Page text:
Manuka as a tree crop

Kiwis have grown up with mānuka honey and tea tree oil but these humble household items are fast becoming a multi-million dollar forest industry for New Zealand.

Overall honey exports were $242m in 20151, having grown about 23% a year for the past decade, likely due to the specific demand for mānuka honey. Scion is currently working with the Bay of Plenty Regional Council to help deliver the Bay of Connections regional growth strategy for the wider Bay of Plenty, with a vision of creating a prosperous region supported by sustainable sectors. This complements the work being undertaken by the High Performance Manuka Plantations Primary Growth Partnership (PGP) programme. The PGP programme is led by Mānuka Research Partnership Limited, partnering with the Ministry for Primary Industries.

Forest scientist and interim coordinator for the Council’s mānuka action plan, Bob Shula, says the industry currently relies on native stands to supply the growing demand for mānuka. “The majority of these stands will mature naturally and transition to kānuka after about 25 years, creating uncertainty around the supply of pure raw material. This is likely to restrict investment and expansion.”

Bob says the first step is to generate a sustainable supply of mānuka as a plantation species or nurse crop to mainstream forestry species.

“Manuka offers an opportunity to boost regional growth, especially for rural and Māori communities where land can be leased to apiarists. For example, we are working with East Coast iwi to identify land suitable to grow mānuka for honey and oil. We are also working with industry partners to develop high performing mānuka cultivars so growers can have more control over the quality of the final product.”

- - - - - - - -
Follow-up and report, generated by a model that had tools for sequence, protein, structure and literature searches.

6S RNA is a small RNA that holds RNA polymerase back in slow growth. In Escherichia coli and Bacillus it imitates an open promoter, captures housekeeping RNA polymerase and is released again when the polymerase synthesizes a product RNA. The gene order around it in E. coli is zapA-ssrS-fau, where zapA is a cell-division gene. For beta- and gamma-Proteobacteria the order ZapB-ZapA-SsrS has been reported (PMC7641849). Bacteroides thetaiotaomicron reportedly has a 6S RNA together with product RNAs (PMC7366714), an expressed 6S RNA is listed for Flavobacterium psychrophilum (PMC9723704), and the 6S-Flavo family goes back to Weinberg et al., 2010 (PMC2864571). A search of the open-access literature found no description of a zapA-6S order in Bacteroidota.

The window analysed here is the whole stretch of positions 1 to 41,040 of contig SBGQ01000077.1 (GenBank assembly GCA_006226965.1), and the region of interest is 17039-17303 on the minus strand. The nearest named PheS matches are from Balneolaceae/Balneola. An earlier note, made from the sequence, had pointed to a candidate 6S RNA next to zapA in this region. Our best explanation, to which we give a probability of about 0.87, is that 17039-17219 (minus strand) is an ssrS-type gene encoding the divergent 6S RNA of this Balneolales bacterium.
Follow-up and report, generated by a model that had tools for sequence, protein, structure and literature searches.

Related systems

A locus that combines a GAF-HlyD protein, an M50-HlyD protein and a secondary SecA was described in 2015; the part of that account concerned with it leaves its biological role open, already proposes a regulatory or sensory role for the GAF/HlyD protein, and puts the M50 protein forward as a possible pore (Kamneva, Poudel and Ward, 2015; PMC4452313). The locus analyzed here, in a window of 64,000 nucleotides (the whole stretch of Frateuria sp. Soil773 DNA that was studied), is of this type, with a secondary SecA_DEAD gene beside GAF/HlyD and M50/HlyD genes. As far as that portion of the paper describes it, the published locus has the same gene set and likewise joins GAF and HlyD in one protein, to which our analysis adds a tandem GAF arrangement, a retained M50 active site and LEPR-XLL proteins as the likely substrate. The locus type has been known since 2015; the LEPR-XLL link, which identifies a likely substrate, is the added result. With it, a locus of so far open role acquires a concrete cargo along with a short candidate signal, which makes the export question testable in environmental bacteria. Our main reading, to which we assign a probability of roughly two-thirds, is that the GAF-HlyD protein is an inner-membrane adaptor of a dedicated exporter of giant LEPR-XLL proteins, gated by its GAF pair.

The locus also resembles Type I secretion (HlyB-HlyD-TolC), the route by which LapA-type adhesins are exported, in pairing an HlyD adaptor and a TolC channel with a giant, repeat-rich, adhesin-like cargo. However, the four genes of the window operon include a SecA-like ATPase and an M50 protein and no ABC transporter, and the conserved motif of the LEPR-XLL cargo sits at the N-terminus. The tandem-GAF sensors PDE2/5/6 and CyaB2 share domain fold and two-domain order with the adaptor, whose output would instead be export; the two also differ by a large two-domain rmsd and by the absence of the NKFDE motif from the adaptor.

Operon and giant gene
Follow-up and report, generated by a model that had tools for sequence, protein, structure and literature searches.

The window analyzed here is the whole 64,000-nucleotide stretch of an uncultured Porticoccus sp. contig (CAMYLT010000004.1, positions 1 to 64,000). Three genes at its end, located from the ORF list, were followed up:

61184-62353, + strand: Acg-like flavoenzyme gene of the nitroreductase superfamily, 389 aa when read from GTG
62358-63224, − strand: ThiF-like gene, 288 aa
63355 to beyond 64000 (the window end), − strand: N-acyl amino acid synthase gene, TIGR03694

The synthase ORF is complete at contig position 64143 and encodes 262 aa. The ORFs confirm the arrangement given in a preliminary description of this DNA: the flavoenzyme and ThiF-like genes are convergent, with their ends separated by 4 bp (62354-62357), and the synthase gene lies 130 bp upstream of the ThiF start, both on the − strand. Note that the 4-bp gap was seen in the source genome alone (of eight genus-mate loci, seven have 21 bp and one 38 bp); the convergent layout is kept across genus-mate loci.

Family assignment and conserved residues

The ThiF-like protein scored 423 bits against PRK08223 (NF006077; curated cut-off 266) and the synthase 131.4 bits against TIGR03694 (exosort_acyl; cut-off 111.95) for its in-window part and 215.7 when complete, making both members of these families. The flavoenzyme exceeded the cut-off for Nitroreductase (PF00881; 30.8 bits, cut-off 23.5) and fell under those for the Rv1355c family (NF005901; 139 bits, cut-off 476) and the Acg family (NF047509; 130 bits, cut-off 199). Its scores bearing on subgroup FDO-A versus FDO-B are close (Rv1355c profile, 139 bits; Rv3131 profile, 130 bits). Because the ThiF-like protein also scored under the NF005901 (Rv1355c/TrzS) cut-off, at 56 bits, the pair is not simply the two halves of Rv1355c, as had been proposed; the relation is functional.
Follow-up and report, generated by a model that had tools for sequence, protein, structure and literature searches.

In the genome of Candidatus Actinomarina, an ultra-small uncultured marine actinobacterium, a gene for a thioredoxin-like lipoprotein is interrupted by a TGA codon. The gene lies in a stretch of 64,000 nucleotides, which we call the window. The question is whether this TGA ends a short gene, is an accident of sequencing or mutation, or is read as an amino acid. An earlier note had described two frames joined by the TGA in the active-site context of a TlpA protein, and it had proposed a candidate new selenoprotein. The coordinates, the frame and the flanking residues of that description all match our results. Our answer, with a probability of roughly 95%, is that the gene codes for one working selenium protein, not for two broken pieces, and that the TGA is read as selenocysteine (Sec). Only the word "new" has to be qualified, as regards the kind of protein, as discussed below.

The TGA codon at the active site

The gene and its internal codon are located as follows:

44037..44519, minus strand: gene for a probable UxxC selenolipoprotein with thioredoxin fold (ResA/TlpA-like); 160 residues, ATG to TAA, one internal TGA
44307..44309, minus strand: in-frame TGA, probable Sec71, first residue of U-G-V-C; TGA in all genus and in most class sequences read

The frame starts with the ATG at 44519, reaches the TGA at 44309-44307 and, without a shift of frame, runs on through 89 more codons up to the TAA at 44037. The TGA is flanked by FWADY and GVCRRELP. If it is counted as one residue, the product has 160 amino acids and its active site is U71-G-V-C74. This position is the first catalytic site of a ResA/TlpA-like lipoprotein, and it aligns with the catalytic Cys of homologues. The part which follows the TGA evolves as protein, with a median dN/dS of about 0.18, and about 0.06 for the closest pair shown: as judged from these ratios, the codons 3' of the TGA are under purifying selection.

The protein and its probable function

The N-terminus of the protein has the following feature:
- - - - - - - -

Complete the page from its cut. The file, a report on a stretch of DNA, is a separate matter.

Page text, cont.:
Soil scientist Dr Simeon Smaill says there are many unknowns around plantation mānuka. “We are seeing what we can apply from past research with other exotic and indigenous species in addition to work we’re doing with mānuka. The aim is to move from wild harvest to science based farming by combining improved genetics with best management practice.

”Hedging for oil production could provide a secondary income stream, but it’s not known if this can be combined with honey production. There is also the myrtle rust threat to address, so integrating resistance into breeding programmes is fundamental to the future of this industry. This work is part of the wider programme to establish sustainable, resilient and productive plantations.”

Deciding where those plantations are best grown is what Research Leader Melissa Evans is working on.

“We’ve developed a prototype analysis framework called Finding Opportunities for Resilient Manuka (FORM), in partnership with East Coast iwi and other partners to assess the feasibility of growing mānuka for oil. The FORM framework assesses where plantations could be placed, where existing wild stands are growing, the costs of harvesting and distillation, and the total worth of the value chain.

“From this, we’ve created a series of maps specific to the East Coast that show the potential value of mānuka oil production. Our next step is to progress FORM as a stand-alone mānuka assessment tool incorporating both oil and honey production.”

Principal Technologist Graham West has been integrating mānuka economics into MyLand, a web-based model that provides a framework for long term land-use planning, with economic and environmental outputs over time.

“We collate the output from specialised farming or cropping models to give whole property cash flows while considering environmental and practical implementation constraints. The framework can create scenarios using pastoral farming, forestry and mānuka on the various geophysical blocks within a property. This makes it possible for landowners to compare options and make informed decisions about what to plant, and where, for the long term future.”

1 ANZ. (2015, Oct). Agri Focus.